Mummy Social Meets … Learning about Gestational Diabetes

I recently spoke with Jo, a 40-year-old mum of three boys (Mackinley, Finlay and Brodie) who lives in the Scottish borders with her sons and husband Gavin. She has PCOS and endometriosis but was blessed with three miracles, however during each pregnancy she suffered with gestational diabetes. She now runs a popular website and social media pages to raise awareness and offer support to other mums.

Hi Jo, thank you for talking to me about gestational diabetes. Can you please explain to me what it is and what it means for a woman who is pregnant?

Gestational diabetes is diabetes which is diagnosed in pregnancy in non-diabetic women. Gestational diabetes only lasts the duration of the pregnancy. During pregnancy, hormones cause increased insulin resistance and if the mother cannot use or produce enough insulin to process the glucose in the body, then levels remain too high and this means a diagnosis of gestational diabetes. As the mother cannot process glucose as well as they normally would, excess glucose is passed through to the baby. In response, the baby must increase their own insulin production, and this causes excessive growth of the baby and other complications. Gestational diabetes diagnosis means that the mother must follow a lower-carb diet, exercise after eating, she must monitor her blood glucose levels multiple times daily and she will also be monitored more closely at hospital to check how the gestational diabetes is impacting the baby.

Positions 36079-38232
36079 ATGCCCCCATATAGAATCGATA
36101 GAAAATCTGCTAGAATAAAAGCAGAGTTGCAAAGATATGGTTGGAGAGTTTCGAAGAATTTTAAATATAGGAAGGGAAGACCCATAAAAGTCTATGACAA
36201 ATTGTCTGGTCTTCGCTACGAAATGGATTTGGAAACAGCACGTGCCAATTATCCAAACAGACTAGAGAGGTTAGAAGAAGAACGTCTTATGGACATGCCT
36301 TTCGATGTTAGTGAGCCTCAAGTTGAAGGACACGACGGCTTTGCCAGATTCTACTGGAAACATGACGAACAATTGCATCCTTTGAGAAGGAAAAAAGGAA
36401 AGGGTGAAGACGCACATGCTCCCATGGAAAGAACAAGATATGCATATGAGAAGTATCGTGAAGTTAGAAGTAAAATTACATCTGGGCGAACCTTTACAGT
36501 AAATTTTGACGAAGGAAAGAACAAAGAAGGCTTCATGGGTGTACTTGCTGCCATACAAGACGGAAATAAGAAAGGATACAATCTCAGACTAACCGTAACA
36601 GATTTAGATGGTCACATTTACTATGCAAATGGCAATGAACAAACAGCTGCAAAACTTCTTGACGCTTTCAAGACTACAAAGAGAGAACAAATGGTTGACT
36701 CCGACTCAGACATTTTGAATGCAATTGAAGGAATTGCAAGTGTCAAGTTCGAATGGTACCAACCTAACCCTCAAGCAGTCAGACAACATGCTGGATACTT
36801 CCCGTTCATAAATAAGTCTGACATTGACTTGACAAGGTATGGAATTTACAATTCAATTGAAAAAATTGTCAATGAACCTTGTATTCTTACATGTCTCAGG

How is Gestational Diabetes diagnosed?

Gestational diabetes is diagnosed by a 2-hour 75g oral glucose tolerance test (GTT), typically between 24 – 28 weeks. Not all areas screen all pregnant women for gestational diabetes, therefore some women may only be screened if they are at a higher risk of developing gestational diabetes. 

Some women may be referred for a GTT following high levels of glucose found in urine dip tests taken by their midwife or following a growth scan where the baby is showing excessive growth, or there are high amniotic fluid levels (polyhydramnios). 

The GTT is performed at a hospital clinic. The mother fasts for 12 hours before the test and then a blood test is taken on arrival at the hospital (this is the fasting blood glucose level). The mother then drinks a high glucose drink which contains 75g of glucose and has bloods taken 2 hours later. In some areas, they also take bloods at 1 hour after too. Diagnosis of GD can be made from elevated fasting and/or post blood glucose results.

What are the symptoms to look out for?

It is very common for no symptoms to be present or symptoms can be similar to general pregnancy symptoms and so there may not be anything that would suggest you have GD. However, some women may experience symptoms such as:

  • Headaches
  • Blurred vision
  • Feeling thirsty
  • Feeling shaky or unsteady
  • Nauseous when needing to eat
  • Urinating more frequently
  • Tiredness
  • Recurrent infections, such as urinary tract infections (UTIs) and thrush

You have an increased risk of gestational diabetes if:

  • your body mass index (BMI) is 30 or more
  • you have previously had a baby who weighed 4.5kg (10lbs) or more at birth